A wide range of evidence points to a role for GLP-1 to regulate food intake. Anorectic effects of GLP-1 are most apparent when the peptide is administered directly into the central nervous system (CNS), but suppression of food intake has also been noted in some cases with peripheral administration. It is unclear which GLP-1 receptor (GLP-1r) population mediates the effects of plasma GLP-1, although direct actions to activate CNS neurons have been demonstrated. More recently several groups have demonstrated that GLP-1 can activate peripheral nerves in the hepatic portal vein to regulate glucose metabolism. To test the hypothesis that GLP-1 receptors on nerve terminals in the hepatic portal affect feeding behavior, we compared the effects of direct infusions into hepatic portal and jugular veins in rats. Jugular GLP-1 decreased food intake at doses as low as 10 μg from 0.5-4 h into the dark cycle, whereas portal GLP-1 decreased food intake only at the highest dose tested (100 μg). The blockade of endogenous GLP-1 action before or during eating by infusing dH-Ex, GLP-1 receptor antagonist, into either jugular or portal vein did not cause any change in food intake during either the dark or light cycles. Taken together, these data suggest that while peripheral GLP-1 may be involved in the regulation of food intake, the key GLP-1 receptors are unlikely to be those associated with vagal afferent nerves innervating the hepatic portal vein.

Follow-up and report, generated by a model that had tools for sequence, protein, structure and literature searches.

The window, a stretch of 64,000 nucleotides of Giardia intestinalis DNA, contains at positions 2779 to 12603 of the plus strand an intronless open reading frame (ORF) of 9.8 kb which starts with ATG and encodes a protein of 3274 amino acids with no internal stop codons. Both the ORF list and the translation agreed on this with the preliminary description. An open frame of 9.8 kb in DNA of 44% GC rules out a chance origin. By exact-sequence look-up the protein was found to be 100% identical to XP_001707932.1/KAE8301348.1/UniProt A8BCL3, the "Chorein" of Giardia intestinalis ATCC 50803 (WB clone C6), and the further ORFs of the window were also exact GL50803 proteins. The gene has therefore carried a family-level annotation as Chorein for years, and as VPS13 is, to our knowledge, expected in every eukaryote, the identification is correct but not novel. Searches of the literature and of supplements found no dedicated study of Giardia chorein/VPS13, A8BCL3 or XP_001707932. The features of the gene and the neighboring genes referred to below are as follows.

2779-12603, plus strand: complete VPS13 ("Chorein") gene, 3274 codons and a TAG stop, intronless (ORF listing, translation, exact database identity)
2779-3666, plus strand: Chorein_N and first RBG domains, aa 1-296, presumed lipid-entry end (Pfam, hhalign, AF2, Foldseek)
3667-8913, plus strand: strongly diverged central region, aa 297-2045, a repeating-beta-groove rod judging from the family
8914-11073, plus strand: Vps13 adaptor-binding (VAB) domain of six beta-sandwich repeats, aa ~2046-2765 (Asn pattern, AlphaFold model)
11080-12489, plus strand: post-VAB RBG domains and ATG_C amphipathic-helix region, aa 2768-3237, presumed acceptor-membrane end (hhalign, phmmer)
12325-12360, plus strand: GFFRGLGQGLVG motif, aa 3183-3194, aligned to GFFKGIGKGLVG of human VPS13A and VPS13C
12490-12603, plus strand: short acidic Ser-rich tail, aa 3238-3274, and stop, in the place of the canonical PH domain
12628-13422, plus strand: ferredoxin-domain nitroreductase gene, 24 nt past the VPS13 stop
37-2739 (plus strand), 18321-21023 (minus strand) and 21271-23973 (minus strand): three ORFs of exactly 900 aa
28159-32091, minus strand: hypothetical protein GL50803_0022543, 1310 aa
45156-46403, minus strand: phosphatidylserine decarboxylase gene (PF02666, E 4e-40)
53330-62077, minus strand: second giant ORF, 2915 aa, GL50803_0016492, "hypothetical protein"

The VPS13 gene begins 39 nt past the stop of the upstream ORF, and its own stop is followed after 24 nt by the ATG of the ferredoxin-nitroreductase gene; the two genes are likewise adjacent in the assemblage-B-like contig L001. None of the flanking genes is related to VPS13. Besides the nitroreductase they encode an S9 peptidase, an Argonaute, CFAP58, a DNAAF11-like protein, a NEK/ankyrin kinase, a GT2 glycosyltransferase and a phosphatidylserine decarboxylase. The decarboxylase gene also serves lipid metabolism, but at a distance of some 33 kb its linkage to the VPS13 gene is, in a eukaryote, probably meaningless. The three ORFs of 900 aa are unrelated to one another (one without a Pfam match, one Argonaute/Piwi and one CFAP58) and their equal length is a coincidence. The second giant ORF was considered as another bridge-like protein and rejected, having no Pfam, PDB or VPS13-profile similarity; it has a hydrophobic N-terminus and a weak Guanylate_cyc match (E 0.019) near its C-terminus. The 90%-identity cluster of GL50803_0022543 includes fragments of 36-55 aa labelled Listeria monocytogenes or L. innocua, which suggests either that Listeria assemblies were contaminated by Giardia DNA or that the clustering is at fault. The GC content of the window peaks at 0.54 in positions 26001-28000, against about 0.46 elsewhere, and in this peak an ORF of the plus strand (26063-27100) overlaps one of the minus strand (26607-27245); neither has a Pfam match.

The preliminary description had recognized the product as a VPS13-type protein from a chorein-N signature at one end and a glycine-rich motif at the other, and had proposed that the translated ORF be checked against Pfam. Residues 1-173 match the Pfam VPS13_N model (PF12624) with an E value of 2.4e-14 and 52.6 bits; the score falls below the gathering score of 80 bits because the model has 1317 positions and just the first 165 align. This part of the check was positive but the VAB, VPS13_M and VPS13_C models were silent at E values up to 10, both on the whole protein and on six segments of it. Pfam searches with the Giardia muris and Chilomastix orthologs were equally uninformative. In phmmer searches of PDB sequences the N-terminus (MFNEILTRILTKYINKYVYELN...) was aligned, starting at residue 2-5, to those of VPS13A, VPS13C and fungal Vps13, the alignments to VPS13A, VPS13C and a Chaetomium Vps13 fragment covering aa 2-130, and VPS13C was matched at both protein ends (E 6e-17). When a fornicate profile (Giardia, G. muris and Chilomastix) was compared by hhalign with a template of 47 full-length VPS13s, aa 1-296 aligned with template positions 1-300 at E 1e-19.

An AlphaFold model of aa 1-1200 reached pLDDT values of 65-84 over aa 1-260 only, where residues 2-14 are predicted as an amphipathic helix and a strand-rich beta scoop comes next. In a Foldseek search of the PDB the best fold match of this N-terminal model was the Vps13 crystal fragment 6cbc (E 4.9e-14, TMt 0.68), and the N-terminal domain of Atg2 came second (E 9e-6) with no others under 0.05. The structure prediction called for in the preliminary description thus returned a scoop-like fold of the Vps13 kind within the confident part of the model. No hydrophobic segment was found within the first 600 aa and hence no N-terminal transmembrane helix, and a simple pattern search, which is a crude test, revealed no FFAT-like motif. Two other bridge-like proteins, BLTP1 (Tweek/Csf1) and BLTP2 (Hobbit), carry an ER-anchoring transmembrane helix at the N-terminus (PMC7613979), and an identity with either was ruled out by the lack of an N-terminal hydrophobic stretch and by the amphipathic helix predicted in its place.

- Food intake
- GLP-1 antagonist
- Hepatic portal GLP-1 receptor
- Intrajugular or intraportal infusion
ASJC Scopus subject areas
- Clinical Biochemistry
- Cellular and Molecular Neuroscience